Varda, Agnes: French New Wave Filmmaker

In her new, terrifically engaging docu “The Beaches of Agnès” (“Les Plages d’Agnès”), vet French filmmaker Agnès Varda (born May 30, 1928) takes a long look back at her life and art by revisiting her favorite beaches.   A touching personal memoir, with moving recollections of her late husband Jacques Demy (who died of AIDS), “Beaches” also serves an informal history of the New Wave, of which Varda was a co-founder and the only significant female member.


Varda still projects a youthful, curious, restless, highly intelligent spirit, open to all kinds of experiences and encounters.  From the Belgian beach of her youth, Varda’s narrative goes on to Sète, a seaside resort town in Southern France, Venice Beach in Los Angeles (where she first met Jim Morrison), Noirmourtier Island, and finally Paris.  To illustrate her time in Paris, decidedly not a beach town, Varda has imported sand onto a street, in which she has created an office with staff working at desks, answering phones, etc.


The beaches of her childhood are Varda’s point of departure for a journey down memory lane that’s remarkably not sentimental or nostalgic. Instead of lamenting the state of current cinema, or the natural slowing down that inevitably goes along with aging, she is upbeat in outlook, emphasizing the positive aspects and the cumulative impact of a rich life.


A lucid, illuminating, occasionally playful and humorous voice-over narration accompanies this collage of photographs, movie clips, interviews, letters, and assorted encounters. “Here I am,” she says in the opening, self-deprectaing scene, “playing the role of a little old lady, pleasingly plump and talkative, telling the story of my life.”  “Imagining oneself as a child is like running backwards,” she later states. “Imagining oneself ancient is funny, like a dirty joke.”


It’s not surprising that two of the major figures that appear in the docu are divergent, even extreme opposites: the cerebral avant-garde director Chris Marker, who’s hilariously camouflaged, and indie director Zalman King, known for such dubious fare as “The Red Shoe Diaries.”  Marker, who interviews Varda about her choices, declined to appear on camera; instead, he is rendered as a cartoon Cheshire cat.


Knowing that windy and sandy beaches with clear blue skies above are extremely cinematic, Varda begins her feature with a sequence of her crew setting up a series of mirrors, of various sizes and in elaborate frames, planted all over the Belgian beach where she spent her childhood.


Varda began her career as a photographer and her artist’s vibrant eye is clearly at work in her latest work. Throughout the docu, She recreates memories and fantasies from her youth.   Varda has had a remarkably accomplished career, as a fisherman, photographer, political activist, co-founder of the French New Wave, wife and working partner of Jacques Demy.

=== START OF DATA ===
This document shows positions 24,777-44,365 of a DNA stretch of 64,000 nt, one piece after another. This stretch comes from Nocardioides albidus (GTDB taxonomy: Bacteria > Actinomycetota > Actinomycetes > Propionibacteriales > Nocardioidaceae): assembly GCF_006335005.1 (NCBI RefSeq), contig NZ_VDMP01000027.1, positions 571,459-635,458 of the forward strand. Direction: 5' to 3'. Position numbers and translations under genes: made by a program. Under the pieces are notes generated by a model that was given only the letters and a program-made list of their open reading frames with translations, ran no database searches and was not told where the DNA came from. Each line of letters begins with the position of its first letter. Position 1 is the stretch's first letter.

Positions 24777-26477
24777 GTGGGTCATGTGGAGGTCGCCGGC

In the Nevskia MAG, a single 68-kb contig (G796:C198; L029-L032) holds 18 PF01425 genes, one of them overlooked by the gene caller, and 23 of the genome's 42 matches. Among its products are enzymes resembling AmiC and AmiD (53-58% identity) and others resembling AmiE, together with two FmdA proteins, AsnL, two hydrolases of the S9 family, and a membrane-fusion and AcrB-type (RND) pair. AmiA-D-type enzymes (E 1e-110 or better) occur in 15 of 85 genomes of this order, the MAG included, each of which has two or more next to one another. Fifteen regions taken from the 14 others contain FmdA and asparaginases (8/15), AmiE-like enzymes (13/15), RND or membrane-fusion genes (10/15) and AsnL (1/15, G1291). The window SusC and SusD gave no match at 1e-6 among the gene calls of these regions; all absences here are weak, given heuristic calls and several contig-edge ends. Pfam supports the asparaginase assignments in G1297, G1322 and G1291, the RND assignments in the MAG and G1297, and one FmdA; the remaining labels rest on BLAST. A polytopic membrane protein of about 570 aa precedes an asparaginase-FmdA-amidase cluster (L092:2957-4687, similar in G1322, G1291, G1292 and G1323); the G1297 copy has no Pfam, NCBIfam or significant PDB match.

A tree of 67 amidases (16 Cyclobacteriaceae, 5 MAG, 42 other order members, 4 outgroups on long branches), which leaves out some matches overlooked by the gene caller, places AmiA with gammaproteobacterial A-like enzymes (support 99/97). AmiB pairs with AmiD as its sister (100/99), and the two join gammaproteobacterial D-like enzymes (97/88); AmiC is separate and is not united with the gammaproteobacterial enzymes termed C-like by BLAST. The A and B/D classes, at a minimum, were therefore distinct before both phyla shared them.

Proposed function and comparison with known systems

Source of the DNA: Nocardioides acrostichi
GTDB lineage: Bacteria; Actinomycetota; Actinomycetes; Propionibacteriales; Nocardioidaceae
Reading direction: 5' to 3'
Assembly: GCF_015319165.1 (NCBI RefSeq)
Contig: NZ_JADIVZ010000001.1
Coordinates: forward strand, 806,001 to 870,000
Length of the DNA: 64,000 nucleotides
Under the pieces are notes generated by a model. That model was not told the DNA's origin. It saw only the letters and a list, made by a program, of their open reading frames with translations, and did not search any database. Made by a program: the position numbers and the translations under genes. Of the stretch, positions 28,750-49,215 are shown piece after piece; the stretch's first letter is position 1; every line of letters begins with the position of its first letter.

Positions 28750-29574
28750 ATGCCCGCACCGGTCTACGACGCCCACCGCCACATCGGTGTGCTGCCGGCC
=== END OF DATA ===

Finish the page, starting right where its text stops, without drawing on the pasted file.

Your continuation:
A distinguished director in her own right, she has made about 20 films.  Her best-known works include “Cléo From 5 to 7” (1962), a landmark of the New Wave and her first major hit, “Le Bonheur” (1965), an ironic look at happiness, the controversially feminist “One Sings, the Other Doesn’t” (1977), and the superlative pseudo-documenatry study of a homeless female drifter, “Vagabond” (1985), arguably her best film, for which she achieved international acclaim. 


Over the past two decades, Varda has mostly made documentaries, including “Jacquot de Nantes” (1991), “The Universe of Jacques Demy” (1995), a film about her husband’s childhood, and the highly regarded “The Gleaners and I” (2000). Her visits to the locations where these films were shot include interviews with those involved in their making.


Time and again, she returns to her childhood home, tracking the current owners of her old house (and their neighbors, too). She talks about her marriage to filmmaker Jacques Demy, introduces her two grown children, Rosalie and Mathieu, and also her children’s children.


Among many achievements Varda can claim is being one of the few who could convince Jean-Luc Godard, a hero and friend, to remove his signature dark glasses, “because I wanted to photograph his beautiful eyes.”  A personal cinematic essay about art, memory, mortality and the power of film, “Beaches of Agnes” is the kind of film that would be approved by Godardand the other leaders of the New Wave.


In the end, Varda has the last word, when she states: “My mise-en-scène is my way of sharing my gratitude.”   “Beaches of Agnès” showcases an alert artist, who despite older age still is very much at the height of her creative powers and inquisitive intelligence. 

It’s a testament to the film’s dense texture and captivating commentary, and to Varda’s charismatic personality, that the docu encourages you to revisit her entire oeuvre chronologically.